Tanya Fox, editor, and Brooke Smith, managing editor, are the editorial team behind CardMaker magazine. When not reviewing design submissions and planning future issues of the magazine and pattern books, they can often be found exploring websites for inspiration and visiting their favorite local coffee shop.
They hope you’ll visit the blog often as they share card-making tips, designer features, paper-crafting techniques, project inspiration and a peek at life inside the CardMaker office.
Put us on your blog!
Copy and paste this code onto your blog to share your love for CardMaker!
August 26, 2016
Hello everyone! Catherine here and I’m back for another Friday of crafting fun. Today I want to share my go-to paper-crafting technique with you and how you can achieve beautiful results using easy watercoloring techniques.
I know that not everyone wants or can afford to invest in a nice watercolor palette and fill it with expensive paints, but I’m guessing many of you have water-based brush tip markers. My marker of choice is the Tombow Dual Tip Brush Marker. They have pretty much every color under the sun, are VERY affordable so you can start with the basics and add on as you fall in love, they last forever and you can use them in a lot of different ways.
For this technique you’ll want to have a stamped image that has some nice sized areas to color. I’m using my Elegant Flower Frame stamp from Art Gone Wild!, a permanent stamping ink like Archival ink, water-based markers, a waterbrush filled with water and a clear stamp block. I also have a pencil to add the sentiment, a paintbrush, permanent black marker and a gel pen.
What makes this technique so easy to get started with is all you need to do is scribble a large spot of color on the clear block and add a bit of water with the waterbrush. That’s it. Then pick up the color with the waterbrush and start watercoloring.
For this project, I brushed a wash of watered down red acrylic paint over the surface of my blank watercolor card. The acrylic paint dries permanent and doesn’t interact with the marker color when I paint over the top of it. I also used a stamp positioner to stamp the frame in the center of the card.
One of the best tips I tell students is remember that it is water WITH color so in order to get those lovely washes of color on your paper you need plenty of water to be able to move the color around. Plus, it’s much easier to ADD more color if you want a brighter, darker or shadowed look than it is to take the color away.
For the flower above I painted the entire flower with a light pink wash with the Tombow marker. While the pink was still wet, I picked up the magenta color and dabbed it in the wet puddles of lighter pink. When dry, this technique gives a textured look that is a beautiful surprise every single time.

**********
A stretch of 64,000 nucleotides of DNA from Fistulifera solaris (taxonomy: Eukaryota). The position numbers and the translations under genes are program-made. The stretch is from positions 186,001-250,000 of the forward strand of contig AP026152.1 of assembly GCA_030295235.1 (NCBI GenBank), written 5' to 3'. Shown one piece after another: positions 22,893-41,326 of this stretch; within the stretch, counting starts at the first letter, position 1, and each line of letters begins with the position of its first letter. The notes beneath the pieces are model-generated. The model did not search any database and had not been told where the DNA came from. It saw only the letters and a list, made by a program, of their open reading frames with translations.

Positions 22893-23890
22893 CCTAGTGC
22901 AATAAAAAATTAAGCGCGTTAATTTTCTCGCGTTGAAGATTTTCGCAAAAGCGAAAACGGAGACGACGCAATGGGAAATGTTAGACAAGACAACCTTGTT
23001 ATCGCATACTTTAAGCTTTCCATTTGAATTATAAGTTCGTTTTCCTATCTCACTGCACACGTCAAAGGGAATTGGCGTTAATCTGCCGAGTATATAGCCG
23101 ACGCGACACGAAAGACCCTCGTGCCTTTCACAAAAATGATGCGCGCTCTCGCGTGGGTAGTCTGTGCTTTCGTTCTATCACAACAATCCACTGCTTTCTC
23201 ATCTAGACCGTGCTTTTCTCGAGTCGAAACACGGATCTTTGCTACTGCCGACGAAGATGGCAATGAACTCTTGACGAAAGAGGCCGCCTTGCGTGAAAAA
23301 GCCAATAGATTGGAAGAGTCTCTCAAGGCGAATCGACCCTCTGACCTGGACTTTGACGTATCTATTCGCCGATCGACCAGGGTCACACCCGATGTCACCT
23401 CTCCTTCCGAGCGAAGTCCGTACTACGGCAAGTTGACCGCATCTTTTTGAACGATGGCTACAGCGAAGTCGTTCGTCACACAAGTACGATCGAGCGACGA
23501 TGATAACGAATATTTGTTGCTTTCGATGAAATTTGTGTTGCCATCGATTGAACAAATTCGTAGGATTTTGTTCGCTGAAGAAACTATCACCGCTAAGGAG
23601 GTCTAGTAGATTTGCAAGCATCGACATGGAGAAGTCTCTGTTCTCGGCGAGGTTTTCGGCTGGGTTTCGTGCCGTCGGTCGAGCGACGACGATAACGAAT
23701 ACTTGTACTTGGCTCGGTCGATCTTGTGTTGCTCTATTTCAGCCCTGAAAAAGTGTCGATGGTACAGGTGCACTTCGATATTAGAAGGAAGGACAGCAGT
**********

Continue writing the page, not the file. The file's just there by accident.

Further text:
You can also use the brush tip to color right on the surface of the paper; you can blend it with the waterbrush if you want to have a more blended look. I also like to add highlights and details here and there when the watercoloring is done using gel pens. The colors are very bright and opaque so they tend to stand out when you color on top of lighter washes of color.
When you’ve worked your way around the entire card, let it dry completely and then stamp or write in a sentiment. Since I like to do a lot of hand lettering, I wrote a custom message on this one.
THANK you so much for joining me today; have a wonderful weekend!
Supplies: 140 lb. 5 x 7-inch blank watercolor card from Strathmore Artist Papers; Elegant Flower Frame stamp from Art Gone Wild!; Archival jet black ink pad from Ranger Industries Inc.; Dual Tip Brush Markers from Tombow USA; PITT Artist fine-tip pen from Faber-Castell; Gelly Roll Moonlight orange gel pen from Sakura of America; waterbrush from Kuretake ZIG; MISTI stamp positioning tool from My Sweet Petunia.
August 25, 2016
Hello everyone! It’s Juliana
here today to share a favorite card-making tip with you. I am focusing on my favorite technique—heat embossing. I have loved this technique since the first time I learned how to do it (nearly 15 years ago now!) and I’m still in awe of the beautiful shine and dimension it adds to cards.
When heat embossing, begin by gathering all of your supplies. This includes a heat gun, embossing powder, embossing ink, powder pouch or tool and a small paintbrush.
Start by preparing your surface with the powder pouch or tool. Simply rub it over the paper to eliminate moisture and any residual skin oils your fingertips may have left on the paper surface. Try to hold the paper by the edges to help eliminate the oil from your fingers. The powder will help prevent static cling or stray embossing powder from sticking to unwanted areas and it will help the powder stick only to your stamped image. As you can see, I store my powder pouch or Embossing Buddy in an Altoids tin.
Stamp your image using an embossing ink such as VersaMark Ink, Ranger Distress Embossing Ink or Ranger Perfect Medium. These inks are clear, but sticky. They are what holds the embossing powder to your paper.
Pour the embossing powder over your stamped image. Once you have the powder covering your image, tap off the excess and return it to it’s jar or container for future use. I store my most frequently used embossing powders (white and clear) in sandwich-size plastic storage containers. I simply open the container and hold the paper over it as I pour the embossing powder with a spoon onto the image. I can then easily shake off the excess right into the container. This helps keep the mess to a minimum. Another option is to place a piece of typing paper underneath your paper as you pour the powder. You can then fold this paper and use it to easily dump the excess powder back into its original container.
Check your project for stray embossing powder. Static or humidity in the air can cause the powder to stick despite using the powder pouch. This is where the small paintbrush comes in handy. Use it to carefully flick away any excess powder. You can also use the tip of a small craft knife.